The Culture of Maldives

Identification.The Maldives is one of the world’s poorest developing countries. It is threatened by global warming because of its very low elevation. The main natural resources are fisheries and a marine environment conducive to tourism. The other constraints it faces are small and widely dispersed island communities, limited skilled human resources, and rapid population growth.
Location and Geography.The Republic of Maldives is an archipelago consisting of twenty-six coral atolls, in the northern Indian Ocean. The chain of islands extends 510 miles (820 kilometers), but occupies an area of just 116 square miles (300 square kilometers), roughly 1.5 times the size of Washington D.C. The closest neighbors are India and Sri Lanka. The capital is Malé.
The twenty-six coral atolls contain 1,190 very small islands of which 198 are inhabited. Most of the islands are close to the atoll enclosure reef, and some are still in the process of forming. The longest is Gan in Adu atoll. Because the islands are coral-based, they are flat and low-lying. As a result, the water table is high. However, the islands are protected from the elements by the reef and rarely have major storms. In the older islands a larger layer of topsoil has formed, and these islands are covered with coconut trees, breadfruit, and dense shrubs. Agricultural potential is limited by the high alkalinity of the soil and its poor water retention. However, people grow vegetables, fruits, and yams.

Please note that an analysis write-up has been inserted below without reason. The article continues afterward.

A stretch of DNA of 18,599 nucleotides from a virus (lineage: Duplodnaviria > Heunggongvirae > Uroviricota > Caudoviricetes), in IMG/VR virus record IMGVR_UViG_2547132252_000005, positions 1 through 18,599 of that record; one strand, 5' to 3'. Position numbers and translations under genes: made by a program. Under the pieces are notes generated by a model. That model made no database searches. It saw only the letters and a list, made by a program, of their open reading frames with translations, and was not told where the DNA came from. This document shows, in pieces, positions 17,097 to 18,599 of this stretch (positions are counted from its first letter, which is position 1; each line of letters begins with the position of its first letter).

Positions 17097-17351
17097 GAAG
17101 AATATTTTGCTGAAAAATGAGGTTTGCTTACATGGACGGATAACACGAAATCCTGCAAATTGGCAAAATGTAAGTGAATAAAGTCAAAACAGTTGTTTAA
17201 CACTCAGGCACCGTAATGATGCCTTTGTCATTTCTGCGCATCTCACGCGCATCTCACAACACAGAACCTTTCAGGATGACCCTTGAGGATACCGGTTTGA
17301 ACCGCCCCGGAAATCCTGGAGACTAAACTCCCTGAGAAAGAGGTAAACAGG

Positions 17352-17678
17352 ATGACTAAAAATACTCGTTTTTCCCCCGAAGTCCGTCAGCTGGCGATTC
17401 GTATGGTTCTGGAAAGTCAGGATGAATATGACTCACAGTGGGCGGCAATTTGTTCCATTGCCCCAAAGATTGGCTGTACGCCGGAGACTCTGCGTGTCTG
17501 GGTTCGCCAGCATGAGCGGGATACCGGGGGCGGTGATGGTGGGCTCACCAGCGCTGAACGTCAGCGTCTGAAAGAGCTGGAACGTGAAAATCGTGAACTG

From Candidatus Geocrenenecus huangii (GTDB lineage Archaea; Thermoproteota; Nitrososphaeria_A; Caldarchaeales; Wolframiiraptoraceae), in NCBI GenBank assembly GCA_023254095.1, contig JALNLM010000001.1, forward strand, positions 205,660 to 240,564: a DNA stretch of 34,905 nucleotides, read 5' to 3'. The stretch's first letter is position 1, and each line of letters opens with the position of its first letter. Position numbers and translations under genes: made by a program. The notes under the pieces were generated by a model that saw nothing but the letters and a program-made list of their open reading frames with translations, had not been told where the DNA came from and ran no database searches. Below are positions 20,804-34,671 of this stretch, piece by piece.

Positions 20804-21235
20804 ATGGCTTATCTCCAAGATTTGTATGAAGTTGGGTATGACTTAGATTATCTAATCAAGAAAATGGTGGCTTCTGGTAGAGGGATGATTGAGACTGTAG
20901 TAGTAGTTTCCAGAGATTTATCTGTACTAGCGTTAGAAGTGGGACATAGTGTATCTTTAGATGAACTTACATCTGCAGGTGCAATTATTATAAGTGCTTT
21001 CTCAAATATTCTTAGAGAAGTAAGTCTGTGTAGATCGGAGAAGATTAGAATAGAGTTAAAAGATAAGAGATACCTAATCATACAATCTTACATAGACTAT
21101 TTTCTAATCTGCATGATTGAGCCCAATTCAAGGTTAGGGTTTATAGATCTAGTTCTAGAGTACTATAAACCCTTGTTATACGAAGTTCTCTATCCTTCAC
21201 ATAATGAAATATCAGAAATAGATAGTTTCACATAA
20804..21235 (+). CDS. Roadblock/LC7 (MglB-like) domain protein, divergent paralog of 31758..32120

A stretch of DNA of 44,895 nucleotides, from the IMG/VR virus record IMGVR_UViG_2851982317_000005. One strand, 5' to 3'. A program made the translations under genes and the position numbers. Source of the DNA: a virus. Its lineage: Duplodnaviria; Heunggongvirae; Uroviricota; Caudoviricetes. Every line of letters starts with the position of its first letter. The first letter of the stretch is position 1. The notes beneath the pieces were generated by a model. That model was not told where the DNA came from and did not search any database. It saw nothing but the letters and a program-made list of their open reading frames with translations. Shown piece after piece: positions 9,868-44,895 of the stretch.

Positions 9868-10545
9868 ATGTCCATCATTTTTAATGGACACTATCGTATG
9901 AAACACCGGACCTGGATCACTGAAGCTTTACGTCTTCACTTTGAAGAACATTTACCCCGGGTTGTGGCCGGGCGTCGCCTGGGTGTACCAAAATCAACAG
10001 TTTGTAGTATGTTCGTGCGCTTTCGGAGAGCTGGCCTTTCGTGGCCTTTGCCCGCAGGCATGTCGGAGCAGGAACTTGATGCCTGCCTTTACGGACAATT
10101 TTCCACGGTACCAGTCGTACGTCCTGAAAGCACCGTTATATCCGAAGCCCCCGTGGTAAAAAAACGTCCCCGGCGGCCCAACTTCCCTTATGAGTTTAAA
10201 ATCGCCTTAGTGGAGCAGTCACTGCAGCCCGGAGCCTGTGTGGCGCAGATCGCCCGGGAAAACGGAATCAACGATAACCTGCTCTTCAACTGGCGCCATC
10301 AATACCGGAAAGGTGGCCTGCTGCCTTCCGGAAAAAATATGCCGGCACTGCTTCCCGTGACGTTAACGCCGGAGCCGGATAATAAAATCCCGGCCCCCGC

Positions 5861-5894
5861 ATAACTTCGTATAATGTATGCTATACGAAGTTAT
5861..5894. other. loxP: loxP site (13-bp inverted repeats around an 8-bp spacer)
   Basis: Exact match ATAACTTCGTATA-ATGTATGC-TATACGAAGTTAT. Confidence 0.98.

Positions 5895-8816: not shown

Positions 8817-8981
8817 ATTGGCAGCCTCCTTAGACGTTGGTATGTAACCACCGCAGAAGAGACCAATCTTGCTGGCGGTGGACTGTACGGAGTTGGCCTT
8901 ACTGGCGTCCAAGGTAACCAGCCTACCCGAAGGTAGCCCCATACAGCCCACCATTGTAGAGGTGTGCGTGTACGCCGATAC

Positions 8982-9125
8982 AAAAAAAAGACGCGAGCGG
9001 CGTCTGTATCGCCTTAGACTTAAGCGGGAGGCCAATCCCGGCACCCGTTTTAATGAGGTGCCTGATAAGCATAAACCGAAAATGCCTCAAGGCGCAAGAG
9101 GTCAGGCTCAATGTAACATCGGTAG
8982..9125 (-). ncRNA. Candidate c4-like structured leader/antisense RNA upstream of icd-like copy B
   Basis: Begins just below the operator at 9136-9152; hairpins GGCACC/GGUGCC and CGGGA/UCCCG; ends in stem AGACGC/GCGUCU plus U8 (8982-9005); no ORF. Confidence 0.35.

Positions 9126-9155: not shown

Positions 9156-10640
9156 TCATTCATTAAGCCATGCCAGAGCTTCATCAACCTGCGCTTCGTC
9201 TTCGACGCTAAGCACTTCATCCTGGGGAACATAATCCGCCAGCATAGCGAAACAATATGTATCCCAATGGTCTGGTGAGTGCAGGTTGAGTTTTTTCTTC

The climate is warm and tropical. Seasonal changes are determined by the two yearly monsoons. The season of the northeast monsoon is characterized by dry, mild winds, and generally extends from December to April. The southwest monsoon, although irregular, extends from May until August and brings heavy rains and wind. The northern atolls are drier, while the southern atolls are wetter. The humidity is fairly high throughout the year.
Demography.In 1996, the population was 256,157, compared with 195,000 in 1986; the estimated population for the year 2000 is 289,117. The annual rate of population growth is almost 3 percent. Almost most half the population is under fifteen years of age, and about 3 percent is sixty five years and older. About 25 percent of the population reside in Malé. The growth rate in Malé atoll has been high as a result of employment opportunities offered by growth in the service sector. Even though income in Malé is significantly higher than that in the atolls, the resulting rural-urban migrationhas led to increasing unemployment. Emigration from the republic is rare except for educational purposes or to work as a crew member on Maldivian ships.
Linguistic Affiliation.Dhivehi, which is spoken in all parts of the country, is not spoken in any other part of the world. It is considered an Indo-European language related to Singhala, the language spoken in Sri Lanka. The alphabets and writing system are similar to Arabic. English is the second language and is widely used in commerce and in many government schools.